Then this week came the information, out of the News of the World hacking revelations, that Scotland Yard had a sort of Tardis room where the latest technology allowed the Bill to instantly discover the location of every mobile telephone in the nation. Apparently the service was made available to certain News of the World operatives—and more than likely to other British newspaper-persons. Money is said to have changed hands.
This week the American software giant, Microsoft, had approved by the US Patent Office a patent (#20,110,153,809) for software that will allow governments to record, without a user’s knowledge, all their emails, smartphone discussions, Skype, PC’s and set-top box info. No doubt the Australian government will be a customer for this stunning new bit of privacy-defeating technology.
In Australia we are under the delusion that things like legal telephone and internet intercepts are done via a process which requires things like court-orders and strict requirements from those in authority to authorise phone interception with caution. We are under the impression that the invasion of our privacy is only condoned when criminal activity is suspected or national security is at risk. But the phone tapping debacle that occurred in Victoria, under the watch of Police Commissioner Simon Overland put paid to that little theory.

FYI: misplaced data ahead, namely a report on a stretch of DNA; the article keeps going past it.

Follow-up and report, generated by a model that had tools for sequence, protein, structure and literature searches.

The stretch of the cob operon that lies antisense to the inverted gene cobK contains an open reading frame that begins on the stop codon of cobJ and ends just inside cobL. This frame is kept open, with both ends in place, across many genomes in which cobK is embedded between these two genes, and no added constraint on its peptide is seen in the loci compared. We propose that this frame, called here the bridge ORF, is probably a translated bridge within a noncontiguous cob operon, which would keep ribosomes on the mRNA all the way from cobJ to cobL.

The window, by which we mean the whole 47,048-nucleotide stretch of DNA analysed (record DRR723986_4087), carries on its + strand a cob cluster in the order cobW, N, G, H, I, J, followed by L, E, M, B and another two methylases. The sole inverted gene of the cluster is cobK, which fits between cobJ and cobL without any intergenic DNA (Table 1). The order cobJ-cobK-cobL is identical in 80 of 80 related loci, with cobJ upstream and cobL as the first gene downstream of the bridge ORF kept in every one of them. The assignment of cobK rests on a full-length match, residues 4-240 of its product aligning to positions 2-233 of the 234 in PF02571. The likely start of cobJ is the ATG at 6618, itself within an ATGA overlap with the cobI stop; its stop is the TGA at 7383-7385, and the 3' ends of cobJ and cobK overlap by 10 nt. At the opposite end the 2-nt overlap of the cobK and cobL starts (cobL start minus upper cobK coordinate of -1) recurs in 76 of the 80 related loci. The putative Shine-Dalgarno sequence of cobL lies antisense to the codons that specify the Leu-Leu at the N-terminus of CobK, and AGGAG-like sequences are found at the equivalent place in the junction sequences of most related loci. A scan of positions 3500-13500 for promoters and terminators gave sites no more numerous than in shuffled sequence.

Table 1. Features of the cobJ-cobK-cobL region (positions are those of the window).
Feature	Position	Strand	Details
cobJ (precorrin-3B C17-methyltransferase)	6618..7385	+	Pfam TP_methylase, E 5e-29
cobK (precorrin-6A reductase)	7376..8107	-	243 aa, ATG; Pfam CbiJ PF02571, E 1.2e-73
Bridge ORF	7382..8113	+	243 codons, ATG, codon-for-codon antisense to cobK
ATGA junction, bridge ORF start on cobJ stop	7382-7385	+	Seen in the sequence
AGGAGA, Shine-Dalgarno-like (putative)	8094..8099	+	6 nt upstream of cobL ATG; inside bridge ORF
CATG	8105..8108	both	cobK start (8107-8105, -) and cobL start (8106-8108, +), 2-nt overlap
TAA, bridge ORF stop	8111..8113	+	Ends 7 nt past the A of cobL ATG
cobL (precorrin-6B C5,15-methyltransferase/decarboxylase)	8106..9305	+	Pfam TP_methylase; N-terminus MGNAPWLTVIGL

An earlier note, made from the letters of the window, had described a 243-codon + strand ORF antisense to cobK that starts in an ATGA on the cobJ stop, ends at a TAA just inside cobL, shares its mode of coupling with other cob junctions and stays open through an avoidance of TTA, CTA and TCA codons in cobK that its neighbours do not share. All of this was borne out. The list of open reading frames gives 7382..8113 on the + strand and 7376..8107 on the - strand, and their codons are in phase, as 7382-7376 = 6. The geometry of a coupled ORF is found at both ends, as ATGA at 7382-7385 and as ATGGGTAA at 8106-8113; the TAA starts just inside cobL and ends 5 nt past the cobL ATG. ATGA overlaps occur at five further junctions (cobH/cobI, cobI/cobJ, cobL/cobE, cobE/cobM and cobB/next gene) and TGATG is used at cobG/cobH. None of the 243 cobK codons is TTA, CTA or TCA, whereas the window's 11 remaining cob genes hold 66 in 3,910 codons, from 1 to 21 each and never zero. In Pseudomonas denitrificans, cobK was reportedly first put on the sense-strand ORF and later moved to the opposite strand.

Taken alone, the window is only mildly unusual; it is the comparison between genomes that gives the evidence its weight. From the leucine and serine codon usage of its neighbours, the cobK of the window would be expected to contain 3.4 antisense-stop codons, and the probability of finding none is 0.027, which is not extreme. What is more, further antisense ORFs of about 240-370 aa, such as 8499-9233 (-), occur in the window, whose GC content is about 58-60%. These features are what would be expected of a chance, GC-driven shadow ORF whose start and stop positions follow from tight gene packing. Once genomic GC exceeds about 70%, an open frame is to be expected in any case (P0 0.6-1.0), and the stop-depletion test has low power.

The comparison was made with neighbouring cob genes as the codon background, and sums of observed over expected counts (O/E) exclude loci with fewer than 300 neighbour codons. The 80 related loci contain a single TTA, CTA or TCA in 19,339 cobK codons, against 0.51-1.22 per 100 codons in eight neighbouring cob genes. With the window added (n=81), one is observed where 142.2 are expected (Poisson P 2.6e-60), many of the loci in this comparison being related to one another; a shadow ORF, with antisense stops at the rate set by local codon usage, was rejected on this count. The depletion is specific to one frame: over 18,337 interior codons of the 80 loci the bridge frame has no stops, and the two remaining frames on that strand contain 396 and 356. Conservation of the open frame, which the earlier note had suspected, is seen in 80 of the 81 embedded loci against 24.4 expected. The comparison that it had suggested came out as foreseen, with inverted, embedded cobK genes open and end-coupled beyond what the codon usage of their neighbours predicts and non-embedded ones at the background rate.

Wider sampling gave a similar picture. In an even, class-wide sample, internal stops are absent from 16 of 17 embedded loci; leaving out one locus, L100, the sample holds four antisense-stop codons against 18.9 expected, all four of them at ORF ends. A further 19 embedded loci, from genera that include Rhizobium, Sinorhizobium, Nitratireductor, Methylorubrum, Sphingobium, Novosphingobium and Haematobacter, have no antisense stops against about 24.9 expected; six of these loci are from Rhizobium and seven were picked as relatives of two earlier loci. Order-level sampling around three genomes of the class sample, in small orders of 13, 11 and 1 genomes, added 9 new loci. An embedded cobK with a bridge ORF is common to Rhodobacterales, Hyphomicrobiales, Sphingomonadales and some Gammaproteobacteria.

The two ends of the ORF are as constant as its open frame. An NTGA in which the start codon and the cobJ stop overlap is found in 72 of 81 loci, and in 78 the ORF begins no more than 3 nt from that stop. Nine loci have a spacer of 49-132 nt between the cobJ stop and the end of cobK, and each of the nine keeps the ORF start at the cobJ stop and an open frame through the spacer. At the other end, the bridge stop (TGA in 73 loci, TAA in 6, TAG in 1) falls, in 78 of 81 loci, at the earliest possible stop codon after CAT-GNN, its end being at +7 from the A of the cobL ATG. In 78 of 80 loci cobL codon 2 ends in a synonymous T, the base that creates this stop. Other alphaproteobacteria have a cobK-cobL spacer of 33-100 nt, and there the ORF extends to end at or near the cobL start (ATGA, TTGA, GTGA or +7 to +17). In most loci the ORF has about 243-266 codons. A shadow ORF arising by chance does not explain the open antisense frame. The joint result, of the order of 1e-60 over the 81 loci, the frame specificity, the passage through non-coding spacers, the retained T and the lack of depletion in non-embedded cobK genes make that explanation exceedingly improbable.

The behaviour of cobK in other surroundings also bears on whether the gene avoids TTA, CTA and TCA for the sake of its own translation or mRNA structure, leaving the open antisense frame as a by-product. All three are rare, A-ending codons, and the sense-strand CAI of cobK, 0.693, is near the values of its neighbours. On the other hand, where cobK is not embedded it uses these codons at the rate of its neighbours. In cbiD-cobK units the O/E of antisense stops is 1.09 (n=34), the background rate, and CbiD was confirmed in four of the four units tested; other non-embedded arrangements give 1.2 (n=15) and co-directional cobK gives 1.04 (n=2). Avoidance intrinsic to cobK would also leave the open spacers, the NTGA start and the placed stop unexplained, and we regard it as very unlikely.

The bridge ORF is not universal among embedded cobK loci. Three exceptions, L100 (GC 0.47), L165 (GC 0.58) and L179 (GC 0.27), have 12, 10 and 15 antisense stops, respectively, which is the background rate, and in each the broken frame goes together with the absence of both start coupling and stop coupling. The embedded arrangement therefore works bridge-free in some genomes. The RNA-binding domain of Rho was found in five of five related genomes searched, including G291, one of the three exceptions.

In the Overland situation, telephone taps were placed on the telephones of deputy commissioners of the Victorian Police for what appears to be, on the surface, blatant political and self-serving motives. Under the Telecommunications (Interception and Access) Act, it is a serious criminal offence to disclose information from “taps” unless it is for a narrowly defined “permitted purpose”.